C.C. answers from Washington DC on April 11, 2009
I think the worry rock is a good way to re-direct the self-aggressive behavior in the short term. In the long term, however, being dependent on a "worry rock" to calm herself may not be effective - what happens if she loses it?
Your daughter needs on-going counseling to cope with the changes she has experienced - changes that are tough for an adult to handle! The school counselor sounds like she is a good resource. Your husband should be involved as well, so that you all can be on the same page.
C.R. answers from Washington DC on April 11, 2009
Tell your husband its not about him...and if he has a better solution than you're all ears...Maybe he should do some reflecting as to why it bothers him so much....
With every thing going on...i'm sure she just might need a little extra attention...don't sweat the small stuff...just wait till she's a tennager..that's when he'll need to practice putting his foot down...there is absolutely nothing wrong with her going to see a counselor...women like to talk about their needs just to be heard and share something to get it off their chest and connect or commiserate if you will...men may see that as a sign of weakness and think you should find an immediate solution...AND the solution here might just be to let her talk about her feelings with someone...And girlfriend i feel your pain...i understand...my 18 mo is feeling a bit slighted and jealous of his 6 mo brother and is starting to act out for more attention..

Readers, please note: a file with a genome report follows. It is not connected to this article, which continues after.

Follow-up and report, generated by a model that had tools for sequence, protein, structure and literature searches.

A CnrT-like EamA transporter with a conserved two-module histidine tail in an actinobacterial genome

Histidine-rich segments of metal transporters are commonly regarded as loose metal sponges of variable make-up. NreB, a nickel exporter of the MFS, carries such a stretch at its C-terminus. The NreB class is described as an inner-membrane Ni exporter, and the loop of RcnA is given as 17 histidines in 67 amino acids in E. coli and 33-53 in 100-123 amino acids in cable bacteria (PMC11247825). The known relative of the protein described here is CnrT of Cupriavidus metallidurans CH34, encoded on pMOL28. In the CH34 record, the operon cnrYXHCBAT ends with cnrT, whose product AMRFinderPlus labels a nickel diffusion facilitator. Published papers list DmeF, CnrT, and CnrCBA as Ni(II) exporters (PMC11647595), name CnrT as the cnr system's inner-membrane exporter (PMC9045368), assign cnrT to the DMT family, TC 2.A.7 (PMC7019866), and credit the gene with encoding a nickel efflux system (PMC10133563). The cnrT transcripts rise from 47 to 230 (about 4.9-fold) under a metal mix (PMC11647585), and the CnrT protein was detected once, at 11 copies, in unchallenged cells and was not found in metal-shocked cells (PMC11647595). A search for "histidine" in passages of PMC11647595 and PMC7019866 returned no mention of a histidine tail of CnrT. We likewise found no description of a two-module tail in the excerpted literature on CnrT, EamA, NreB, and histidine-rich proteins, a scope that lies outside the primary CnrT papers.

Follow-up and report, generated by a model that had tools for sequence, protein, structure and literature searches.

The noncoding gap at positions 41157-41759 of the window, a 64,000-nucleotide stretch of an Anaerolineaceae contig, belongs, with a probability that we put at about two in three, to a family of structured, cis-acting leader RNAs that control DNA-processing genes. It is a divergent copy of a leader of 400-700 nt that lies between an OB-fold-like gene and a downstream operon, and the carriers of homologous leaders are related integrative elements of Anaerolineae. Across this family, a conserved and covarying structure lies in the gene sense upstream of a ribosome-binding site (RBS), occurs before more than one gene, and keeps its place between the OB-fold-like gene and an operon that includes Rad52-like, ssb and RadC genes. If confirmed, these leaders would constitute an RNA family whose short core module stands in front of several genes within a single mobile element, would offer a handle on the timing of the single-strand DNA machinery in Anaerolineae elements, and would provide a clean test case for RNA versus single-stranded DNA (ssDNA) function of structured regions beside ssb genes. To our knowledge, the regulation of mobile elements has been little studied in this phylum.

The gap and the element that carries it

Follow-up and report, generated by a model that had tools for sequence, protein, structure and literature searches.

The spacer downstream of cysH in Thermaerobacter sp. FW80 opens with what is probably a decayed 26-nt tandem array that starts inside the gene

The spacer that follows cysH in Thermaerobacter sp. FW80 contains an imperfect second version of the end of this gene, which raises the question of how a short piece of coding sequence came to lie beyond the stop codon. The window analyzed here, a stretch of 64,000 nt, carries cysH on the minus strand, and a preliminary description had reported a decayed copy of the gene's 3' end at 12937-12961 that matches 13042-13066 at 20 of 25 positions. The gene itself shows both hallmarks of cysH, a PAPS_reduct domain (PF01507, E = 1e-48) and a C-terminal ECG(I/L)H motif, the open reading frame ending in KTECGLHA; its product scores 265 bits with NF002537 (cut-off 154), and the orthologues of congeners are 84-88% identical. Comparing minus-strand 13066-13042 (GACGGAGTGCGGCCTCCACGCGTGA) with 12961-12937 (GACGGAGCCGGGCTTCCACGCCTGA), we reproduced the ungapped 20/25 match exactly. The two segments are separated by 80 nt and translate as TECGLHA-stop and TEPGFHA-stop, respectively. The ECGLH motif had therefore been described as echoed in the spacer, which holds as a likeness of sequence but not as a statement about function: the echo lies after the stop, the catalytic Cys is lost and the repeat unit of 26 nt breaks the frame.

D.M. answers from Norfolk on April 11, 2009
If you, instinctively, are feeling that your daughter is stressed, then you are on the right path. Stress and anxiety are so elevated in childhood recently, that psychologists and counselors are studying this as a whole seperate issue. Tell your husband that for centuries, grown men have had worry beads. This is not unusual, or weird. I have a pendant of Virgin Mary that I wear and rub whenever I feel a little stressed, and it is very soothing, not just for it's spiritual assurance, but for the soothing effects. It is much better that your daughter talk to somebody now. She will learn coping skills. She's been through a lot. She's just a little kid, and this will help her stay out of trouble, as a result of lack of coping skills, when she is older. This is proven. There are plenty of outside counselors, who aren't as bogged down with paperwork as school counselors, which your insurance would cover...and it's ok. If you get a good counselor, they will speak with all of you. Please, by all means, stand firm. Your husband's response shows perhaps he is in the dark ages, and maybe stressed himself. Who wouldn't be?With a great mom, who is attentive, she'll be fine.